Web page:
There is good news, though. More and more states and local communities are paying attention to this problem. Smart Growth and Green Infrastructure are two methods that communities are using to curb sprawling development. Smart growth means development focuses on “walkable” communities with mixed uses, a sense of place, and town centers. Green infrastructure creates connections between protected land and water areas. It means maintaining natural ecological processes and improving natural resources in the community-rivers, lakes and streams, forests, wetlands, parks, and other natural areas. Because smart growth and green infrastructure are relatively new concepts, there are currently no well accepted, comprehensive measures of their results and success. See our section on other Environmental Indicators efforts for more information on smart growth and green infrastructure.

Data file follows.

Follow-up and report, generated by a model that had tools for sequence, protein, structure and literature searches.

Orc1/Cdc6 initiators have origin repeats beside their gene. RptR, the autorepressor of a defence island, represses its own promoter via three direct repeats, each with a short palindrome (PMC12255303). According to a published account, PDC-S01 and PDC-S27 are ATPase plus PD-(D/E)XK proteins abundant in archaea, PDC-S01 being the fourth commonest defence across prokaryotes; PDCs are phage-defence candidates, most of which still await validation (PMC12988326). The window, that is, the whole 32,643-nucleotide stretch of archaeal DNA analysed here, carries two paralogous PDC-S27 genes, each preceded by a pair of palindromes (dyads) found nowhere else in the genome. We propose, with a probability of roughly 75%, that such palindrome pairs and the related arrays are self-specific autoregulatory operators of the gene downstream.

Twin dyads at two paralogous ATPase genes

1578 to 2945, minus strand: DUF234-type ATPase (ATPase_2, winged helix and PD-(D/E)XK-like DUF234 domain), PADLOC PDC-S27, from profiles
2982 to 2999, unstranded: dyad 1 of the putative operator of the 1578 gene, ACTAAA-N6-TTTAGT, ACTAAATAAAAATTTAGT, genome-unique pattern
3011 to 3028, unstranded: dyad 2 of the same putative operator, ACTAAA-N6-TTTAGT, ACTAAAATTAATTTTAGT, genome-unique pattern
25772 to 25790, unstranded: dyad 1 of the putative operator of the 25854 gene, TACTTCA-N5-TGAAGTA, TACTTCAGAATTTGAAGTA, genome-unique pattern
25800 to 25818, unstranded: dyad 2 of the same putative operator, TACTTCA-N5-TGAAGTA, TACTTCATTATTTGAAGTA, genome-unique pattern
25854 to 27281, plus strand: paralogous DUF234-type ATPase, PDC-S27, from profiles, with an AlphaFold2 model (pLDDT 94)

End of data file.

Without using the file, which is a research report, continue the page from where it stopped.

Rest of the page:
Buildings Contribute to Quality of Life
The buildings in which people live, work, and play are part of a community’s infrastructure. According to the EPA’s Green Building program, buildings in the US account for 39% of our total energy use, 68% of our total electricity consumption, and 38% of CO2 emissions.
The EPA also estimates that most people spend 90% of their time indoors, making them especially susceptible to indoor air pollution. Asthma and cancer have been linked with indoor air contaminants. In addition, construction of the homes, offices, schools, and commercial buildings generates an estimated 136 million tons of waste each year.3 As you can see, buildings are a significant factor in the environmental quality of life in a community.